General James Longstreet, From Manassas to Appomattox, Chapter 13: making ready for Manassas again. (search)
s on the 24th. Meanwhile, General Pope had received the divisions of Kearny and Reynolds from McClellan's army, forty-five hundred and twenty-five hundred respectively. About this time a letter came to Headquarters of the right wing from General Toombs, expressing regret at his unfortunate mistake in relieving his troops from picket service, and asking to be released from arrest, that he might have the opportunity to show in the approaching conflicts his deep interest in the cause. The adjIndians had doubtless often contested ages ago, that the seasoned soldiers of our civilized armies now battled for right of way. Finding his passage over the mountain by the left side of the Gap blocked by the mountain tangle, Jones called up Toombs's brigade, under command of Colonel Benning, and ordered it over the mountain obstacle by the south side. Drayton's brigade was held in rear. By the time the troops were so disposed, Ricketts's division was well deployed along the plateau on th
General James Longstreet, From Manassas to Appomattox, Chapter 14: Second battle of Manassas (Bull Run). (search)
is single brigade. Kemper and Jones were pushed on with Hood's right, Evans in Hood's direct support. The batteries were advanced as rapidly as fields were opened to them, Stribling's, J. B. Richardson's, Eshleman's, and Rogers's having fairest field for progress. At the first sound of the charge, General Lee sent to revoke his call in favor of Jackson, asked me to push the battle, ordered R. H. Anderson's division up, and rode himself to join me. In the fulness of the battle, General Toombs rode up on his iron-gray under sweat and spur, his hat off, and asked for his command. He was told that a courier was about to start with an order for the division commander, and would guide him. He asked to be the bearer of the order, received it, and with the guide rode to find his post in the battle. The meeting of the brigade and its commander was more than joyful. Jackson failed to pull up even on the left, which gave opportunity for some of the enemy's batteries to turn their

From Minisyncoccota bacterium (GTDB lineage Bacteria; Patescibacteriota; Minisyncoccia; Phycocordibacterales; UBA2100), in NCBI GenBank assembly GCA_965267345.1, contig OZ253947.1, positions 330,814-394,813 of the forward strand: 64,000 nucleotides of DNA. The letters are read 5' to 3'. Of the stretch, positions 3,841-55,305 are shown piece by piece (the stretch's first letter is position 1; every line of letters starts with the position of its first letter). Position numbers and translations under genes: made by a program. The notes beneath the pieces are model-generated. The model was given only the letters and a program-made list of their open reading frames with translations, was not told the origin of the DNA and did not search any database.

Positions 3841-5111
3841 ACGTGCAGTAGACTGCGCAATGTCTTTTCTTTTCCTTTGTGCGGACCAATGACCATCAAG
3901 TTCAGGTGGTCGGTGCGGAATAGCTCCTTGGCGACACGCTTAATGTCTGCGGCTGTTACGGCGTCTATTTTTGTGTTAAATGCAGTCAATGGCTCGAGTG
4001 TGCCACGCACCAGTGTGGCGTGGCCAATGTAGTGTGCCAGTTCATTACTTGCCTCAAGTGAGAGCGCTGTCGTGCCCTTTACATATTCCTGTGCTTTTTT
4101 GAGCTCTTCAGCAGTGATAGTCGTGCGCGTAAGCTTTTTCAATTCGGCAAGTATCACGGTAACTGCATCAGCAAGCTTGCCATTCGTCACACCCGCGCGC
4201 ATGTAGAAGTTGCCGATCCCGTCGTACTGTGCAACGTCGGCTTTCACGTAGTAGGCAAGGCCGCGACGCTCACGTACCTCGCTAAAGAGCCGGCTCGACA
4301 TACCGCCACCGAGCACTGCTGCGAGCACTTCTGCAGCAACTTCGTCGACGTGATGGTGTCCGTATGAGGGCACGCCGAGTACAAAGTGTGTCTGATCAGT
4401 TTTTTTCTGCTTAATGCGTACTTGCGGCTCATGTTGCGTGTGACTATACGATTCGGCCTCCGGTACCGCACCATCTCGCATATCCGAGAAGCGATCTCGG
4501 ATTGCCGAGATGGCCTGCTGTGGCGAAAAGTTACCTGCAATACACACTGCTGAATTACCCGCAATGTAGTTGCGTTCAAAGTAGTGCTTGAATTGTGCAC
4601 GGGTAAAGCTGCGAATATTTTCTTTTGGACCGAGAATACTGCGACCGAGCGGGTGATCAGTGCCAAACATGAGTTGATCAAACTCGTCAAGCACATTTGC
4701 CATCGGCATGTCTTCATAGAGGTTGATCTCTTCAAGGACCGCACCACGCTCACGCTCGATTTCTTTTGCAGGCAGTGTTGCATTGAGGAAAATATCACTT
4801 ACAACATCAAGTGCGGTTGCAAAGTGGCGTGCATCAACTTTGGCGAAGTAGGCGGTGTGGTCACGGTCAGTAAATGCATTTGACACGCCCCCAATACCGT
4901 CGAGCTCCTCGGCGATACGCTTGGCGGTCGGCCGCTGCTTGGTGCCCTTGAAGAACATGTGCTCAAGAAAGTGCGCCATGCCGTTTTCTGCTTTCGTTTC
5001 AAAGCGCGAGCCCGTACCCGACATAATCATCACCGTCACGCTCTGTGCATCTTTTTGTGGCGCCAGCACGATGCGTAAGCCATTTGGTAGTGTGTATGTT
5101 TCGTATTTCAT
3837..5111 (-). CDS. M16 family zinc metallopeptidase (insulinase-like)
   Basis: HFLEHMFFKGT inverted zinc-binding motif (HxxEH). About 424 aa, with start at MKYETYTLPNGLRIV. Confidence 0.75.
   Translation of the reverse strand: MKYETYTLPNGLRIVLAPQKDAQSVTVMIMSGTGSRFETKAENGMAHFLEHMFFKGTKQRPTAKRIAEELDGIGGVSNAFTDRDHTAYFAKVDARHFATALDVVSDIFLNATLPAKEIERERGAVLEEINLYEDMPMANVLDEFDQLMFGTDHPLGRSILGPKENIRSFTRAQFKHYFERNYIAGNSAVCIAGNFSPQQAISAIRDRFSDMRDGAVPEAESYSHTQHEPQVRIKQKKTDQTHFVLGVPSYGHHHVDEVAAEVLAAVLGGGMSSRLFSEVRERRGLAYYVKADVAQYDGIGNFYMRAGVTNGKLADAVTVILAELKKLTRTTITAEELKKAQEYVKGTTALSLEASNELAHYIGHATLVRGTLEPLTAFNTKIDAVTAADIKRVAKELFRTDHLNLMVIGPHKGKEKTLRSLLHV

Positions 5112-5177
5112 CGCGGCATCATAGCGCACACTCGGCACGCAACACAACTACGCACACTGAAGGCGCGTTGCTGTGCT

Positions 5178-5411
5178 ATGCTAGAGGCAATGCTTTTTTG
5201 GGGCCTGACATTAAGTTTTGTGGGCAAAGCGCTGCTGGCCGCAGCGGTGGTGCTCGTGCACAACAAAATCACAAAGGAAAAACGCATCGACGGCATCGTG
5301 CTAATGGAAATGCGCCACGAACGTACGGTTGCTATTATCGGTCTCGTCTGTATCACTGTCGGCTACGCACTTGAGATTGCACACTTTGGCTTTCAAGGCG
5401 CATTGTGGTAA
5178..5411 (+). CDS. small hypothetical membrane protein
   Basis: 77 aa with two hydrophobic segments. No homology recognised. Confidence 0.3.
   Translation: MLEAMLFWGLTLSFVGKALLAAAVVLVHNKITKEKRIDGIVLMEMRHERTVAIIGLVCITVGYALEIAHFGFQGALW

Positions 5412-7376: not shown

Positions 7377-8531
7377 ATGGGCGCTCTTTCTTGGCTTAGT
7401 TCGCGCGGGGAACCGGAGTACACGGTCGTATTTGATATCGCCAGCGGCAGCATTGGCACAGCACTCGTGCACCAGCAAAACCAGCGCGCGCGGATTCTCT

General James Longstreet, From Manassas to Appomattox, Chapter 16: the lost order --South Mountain. (search)
this no answer came, but it relieved my mind and gave me some rest. At daylight in the morning the column marched (eight brigades with the artillery), leaving Toombs's brigade. A regiment of G. T. Anderson's that had been on guard all night was not relieved in time to join the march, and remained with Toombs. The day was hotToombs. The day was hot and the roads dry and beaten into impalpable powder, that rose in clouds of dust from under our feet as we marched. Before sunrise of the 14th, General Hill rode to the top of the mountain to view the front to which his brigade had been called the day before. As he rode he received a message from General Stuart, informing hiade to correctly report the numerical strength of my column, some erroneously including the brigades detached with R. H. Anderson's, and others the brigade of General Toombs and the regiment of G. T. Anderson's brigade, that were left at Hagerstown. General Hill concedes reluctantly that four thousand of my men came to his suppor
General James Longstreet, From Manassas to Appomattox, Chapter 17: preliminaries of the great battle. (search)